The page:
This week marks the beginning of the end of one of sport’s most complicated qualification processes.
The Paris Masters is the ninth and final ATP Masters 1000 tour event, the third tier of men’s professional tennis behind Grand Slams and the upcoming ATP World Tour Finals.
To backtrack, the ATP (Association of Tennis Professionals) World Tour is the annual circuit of men’s professional tennis events, including the four Grand Slams in addition to a multitude of tournaments ranging in prestige. Ranking points are awarded to players based on their performances in these tournaments, and come the end of the year the top eight players qualify for the ATP World Tour Finals in London.
The Paris Masters, therefore, represents the final chance to make it into that top eight, and qualify for the season-ending ATP Finals event.
The season thus far has seen the well publicised renaissance of ageing greats Roger Federer and Rafael Nadal, an unexpected accession that has been widely celebrated. Between them they split the four Grand Slam titles and currently sit atop the ATP rankings, with an unassailable lead this season over the injured Andy Murray in third.
Federer has, in fact, withdrawn from the Paris Masters, citing the need to rest after he won the Swiss Indoors title, his seventh of the year, on Sunday. He is therefore unlikely to surpass the Spaniard Nadal, who is 1400 points ahead of him in the ATP rankings.
In fact, the ever growing list of absentees from this year’s tournament has threatened to undermine the competition as we begin proceedings. On top of Federer’s late withdrawal, as well as Murray and Novak Djokovic’s longstanding hiatuses, none of Tomáš Berdych, Nick Kyrgios, Kei Nishikori, Milos Raonic, Stan Wawrinka will be present in Paris.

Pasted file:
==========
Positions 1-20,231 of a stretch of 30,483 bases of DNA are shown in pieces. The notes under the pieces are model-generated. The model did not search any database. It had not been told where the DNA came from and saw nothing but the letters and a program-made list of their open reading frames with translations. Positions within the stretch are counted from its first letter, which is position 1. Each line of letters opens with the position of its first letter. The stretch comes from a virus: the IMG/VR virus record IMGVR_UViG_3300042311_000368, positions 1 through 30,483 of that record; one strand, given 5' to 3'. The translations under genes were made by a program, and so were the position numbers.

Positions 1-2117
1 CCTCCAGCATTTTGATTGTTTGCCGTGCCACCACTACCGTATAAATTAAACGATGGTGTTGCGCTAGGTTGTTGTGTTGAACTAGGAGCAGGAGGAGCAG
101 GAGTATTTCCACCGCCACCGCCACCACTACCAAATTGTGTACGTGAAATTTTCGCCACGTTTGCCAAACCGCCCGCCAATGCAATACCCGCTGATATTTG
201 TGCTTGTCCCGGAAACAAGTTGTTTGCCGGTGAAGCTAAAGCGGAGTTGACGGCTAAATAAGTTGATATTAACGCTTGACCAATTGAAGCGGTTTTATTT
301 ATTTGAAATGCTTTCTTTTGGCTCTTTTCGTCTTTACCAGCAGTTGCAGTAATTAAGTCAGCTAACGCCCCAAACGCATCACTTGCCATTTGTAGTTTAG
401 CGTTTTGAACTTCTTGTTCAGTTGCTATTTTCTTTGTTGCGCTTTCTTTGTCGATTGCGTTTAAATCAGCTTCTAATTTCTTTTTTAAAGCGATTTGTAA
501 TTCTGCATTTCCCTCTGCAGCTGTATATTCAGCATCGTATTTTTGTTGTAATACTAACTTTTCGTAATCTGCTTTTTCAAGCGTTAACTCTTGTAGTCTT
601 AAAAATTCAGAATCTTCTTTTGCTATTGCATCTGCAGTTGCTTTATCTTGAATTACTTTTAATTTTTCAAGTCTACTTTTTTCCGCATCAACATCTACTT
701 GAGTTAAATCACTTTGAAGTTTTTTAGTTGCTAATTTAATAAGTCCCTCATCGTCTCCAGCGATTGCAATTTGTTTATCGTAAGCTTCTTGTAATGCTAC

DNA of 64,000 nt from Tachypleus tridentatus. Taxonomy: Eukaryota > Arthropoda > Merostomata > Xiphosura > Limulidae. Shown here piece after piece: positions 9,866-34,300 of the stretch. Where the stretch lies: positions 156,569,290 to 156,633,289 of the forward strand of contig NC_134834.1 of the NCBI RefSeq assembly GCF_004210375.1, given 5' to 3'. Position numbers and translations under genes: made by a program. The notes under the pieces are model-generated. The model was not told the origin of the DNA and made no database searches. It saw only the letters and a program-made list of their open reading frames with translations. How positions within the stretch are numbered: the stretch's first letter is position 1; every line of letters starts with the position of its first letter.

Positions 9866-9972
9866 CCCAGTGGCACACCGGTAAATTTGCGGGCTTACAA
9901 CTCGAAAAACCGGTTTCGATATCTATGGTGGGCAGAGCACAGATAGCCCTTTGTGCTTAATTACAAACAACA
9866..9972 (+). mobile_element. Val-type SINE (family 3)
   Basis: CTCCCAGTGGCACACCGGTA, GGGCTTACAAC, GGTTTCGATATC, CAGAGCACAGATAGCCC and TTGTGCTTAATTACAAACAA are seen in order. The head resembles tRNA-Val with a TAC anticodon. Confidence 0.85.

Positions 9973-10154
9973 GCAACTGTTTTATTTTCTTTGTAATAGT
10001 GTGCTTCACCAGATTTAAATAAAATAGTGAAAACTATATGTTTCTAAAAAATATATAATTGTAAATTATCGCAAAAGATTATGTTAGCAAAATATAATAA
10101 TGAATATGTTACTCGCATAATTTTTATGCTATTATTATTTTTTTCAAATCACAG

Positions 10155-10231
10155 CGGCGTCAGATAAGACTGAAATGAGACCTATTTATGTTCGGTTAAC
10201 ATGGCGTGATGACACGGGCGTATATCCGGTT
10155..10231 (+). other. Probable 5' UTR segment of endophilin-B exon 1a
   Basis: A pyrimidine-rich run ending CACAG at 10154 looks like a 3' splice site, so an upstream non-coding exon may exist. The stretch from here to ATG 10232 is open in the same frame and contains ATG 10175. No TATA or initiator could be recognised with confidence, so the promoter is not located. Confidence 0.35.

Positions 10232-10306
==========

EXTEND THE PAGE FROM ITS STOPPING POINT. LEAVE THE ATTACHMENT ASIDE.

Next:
But fear not, there remains much to play for at the championship. Whilst Federer and Nadal have long booked their places in the ATP Finals event in November – along with Alexander Zverev, Dominic Thiem, Marin Cilic and Grigor Dimitrov – there remain two places up for grabs. These positions are currently occupied by David Goffin and Pablo Carreño Busta, but Sam Querrey, Kevin Anderson, Juan Martin del Potro and Jo-Wilfried Tsonga all remain in contention.
The narrative, therefore, is written. The season boils down to a straight shoot-out between these six men, vying for just two ranking spots. Each has his story. Anderson reached his first Grand Slam final this year – in the US Open – and Querrey made the Wimbledon semis. Del Potro has backed up his impressive return from a debilitating wrist injury that has troubled his tennis throughout his career and Carreño Busta continued his swift rise through the rankings – from 67 at the start of 2016 to 10 at time of writing. Of the six, only Goffin, del Potro and Tsonga have reached the Tour Finals before, whilst Anderson, Querrey and Carreño Busta have all enjoyed the best seasons in their respective careers.
The Paris Masters, then, is a rare prospect in the world of tennis tournaments. Each of these six players goes in with a specific objective. Whether that be to outperform or defeat one of their five rivals, or to win the entire championship, the goal becomes one of pragmatism – qualification. Whilst it may slip under the radar in the sporting universe this week, for these six men, the Paris Masters represents the culmination of a year of work.
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